I think it’s appropriate that the last writer in the author-author series is the writer I’ve known the longest and who has most inspired me to be serious about writing — Deborah Freedman. I met Debbie when we were both 18. It was immediately clear to me, even through the fog of sleeplessness and hangovers that has mostly obscured our first year in college, that she was a deeply creative person, the sort of person who was always making something: sweaters, boxes that told stories, observations that made me laugh.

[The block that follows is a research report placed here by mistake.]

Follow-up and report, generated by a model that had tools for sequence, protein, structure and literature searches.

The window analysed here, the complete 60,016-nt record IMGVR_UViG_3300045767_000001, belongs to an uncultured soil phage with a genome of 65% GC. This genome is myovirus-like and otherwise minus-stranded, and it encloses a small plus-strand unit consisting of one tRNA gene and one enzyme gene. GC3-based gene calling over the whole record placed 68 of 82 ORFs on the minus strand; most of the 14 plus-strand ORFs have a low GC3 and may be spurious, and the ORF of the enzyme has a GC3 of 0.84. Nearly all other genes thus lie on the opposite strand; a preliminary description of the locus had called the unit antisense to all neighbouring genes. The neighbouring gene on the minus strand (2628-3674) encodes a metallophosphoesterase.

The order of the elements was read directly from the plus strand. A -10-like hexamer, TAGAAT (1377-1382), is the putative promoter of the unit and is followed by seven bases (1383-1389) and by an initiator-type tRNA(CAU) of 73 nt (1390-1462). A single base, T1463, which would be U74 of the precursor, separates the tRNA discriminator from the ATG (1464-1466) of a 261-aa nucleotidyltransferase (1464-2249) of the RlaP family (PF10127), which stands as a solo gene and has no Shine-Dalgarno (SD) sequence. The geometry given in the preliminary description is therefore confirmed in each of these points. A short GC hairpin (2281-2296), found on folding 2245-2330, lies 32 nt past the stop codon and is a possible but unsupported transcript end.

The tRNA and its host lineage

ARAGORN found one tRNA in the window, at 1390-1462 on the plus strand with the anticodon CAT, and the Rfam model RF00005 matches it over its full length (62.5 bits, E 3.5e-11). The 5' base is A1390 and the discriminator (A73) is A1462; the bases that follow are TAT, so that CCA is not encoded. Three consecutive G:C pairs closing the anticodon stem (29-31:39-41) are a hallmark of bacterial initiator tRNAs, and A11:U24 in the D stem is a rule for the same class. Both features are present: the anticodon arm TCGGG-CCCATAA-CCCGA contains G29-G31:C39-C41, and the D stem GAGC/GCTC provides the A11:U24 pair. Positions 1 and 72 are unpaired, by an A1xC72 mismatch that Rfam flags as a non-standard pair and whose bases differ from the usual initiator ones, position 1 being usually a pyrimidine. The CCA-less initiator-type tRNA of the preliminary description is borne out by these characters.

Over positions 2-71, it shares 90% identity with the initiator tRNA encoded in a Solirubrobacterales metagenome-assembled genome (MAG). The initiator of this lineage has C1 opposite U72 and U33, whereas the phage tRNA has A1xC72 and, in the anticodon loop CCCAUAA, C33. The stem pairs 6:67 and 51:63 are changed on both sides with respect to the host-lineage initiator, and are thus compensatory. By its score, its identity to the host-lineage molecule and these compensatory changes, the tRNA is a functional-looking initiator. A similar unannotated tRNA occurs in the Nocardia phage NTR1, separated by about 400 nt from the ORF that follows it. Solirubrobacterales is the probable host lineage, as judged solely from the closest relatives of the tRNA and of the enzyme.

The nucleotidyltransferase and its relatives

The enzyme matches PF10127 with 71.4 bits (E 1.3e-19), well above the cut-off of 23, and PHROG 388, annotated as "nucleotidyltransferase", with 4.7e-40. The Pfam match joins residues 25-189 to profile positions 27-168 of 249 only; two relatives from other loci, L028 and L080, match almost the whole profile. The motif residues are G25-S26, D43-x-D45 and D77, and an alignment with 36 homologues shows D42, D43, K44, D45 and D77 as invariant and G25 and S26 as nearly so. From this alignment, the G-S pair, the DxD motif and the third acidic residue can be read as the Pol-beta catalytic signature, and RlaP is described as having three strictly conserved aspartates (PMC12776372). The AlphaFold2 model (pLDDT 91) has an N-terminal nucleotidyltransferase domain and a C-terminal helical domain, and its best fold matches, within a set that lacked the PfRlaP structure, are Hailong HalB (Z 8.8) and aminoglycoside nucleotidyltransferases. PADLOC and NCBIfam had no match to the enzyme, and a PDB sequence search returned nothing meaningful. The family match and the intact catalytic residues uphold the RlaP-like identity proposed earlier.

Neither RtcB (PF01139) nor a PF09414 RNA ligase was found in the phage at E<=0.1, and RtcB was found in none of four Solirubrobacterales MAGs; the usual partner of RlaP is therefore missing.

I can also clearly remember the day, one spring (while we were hanging around waiting for whatever you wait for when you’re 18), when Debbie showed me A Hole is To Dig and told me how much she loved the language and the pictures. It was an unusual experience, and one I have never forgotten because it was one of the first genuine brushes I had as a young woman with authentic delight, which, as I now know, is not bounded or defined by what other people are thinking or doing. At the time, I was concerned with getting on in an adult world that seemed serious, weighty and not all that fun. (I mean, when I wasn’t otherwise occupied with doomed and foolish love affairs or avoiding my not-so-interesting work.) Ruth Krauss’s brilliant First Book of First Definitions made me think that maybe there was room for writing stories, and maybe adult life could be serious and weighty, in the best senses of those words, but those things could also be leavened with the delight of creative work. Along the way, it’s been inspiring and helpful to watch Debbie go about building a career as a picture book writer.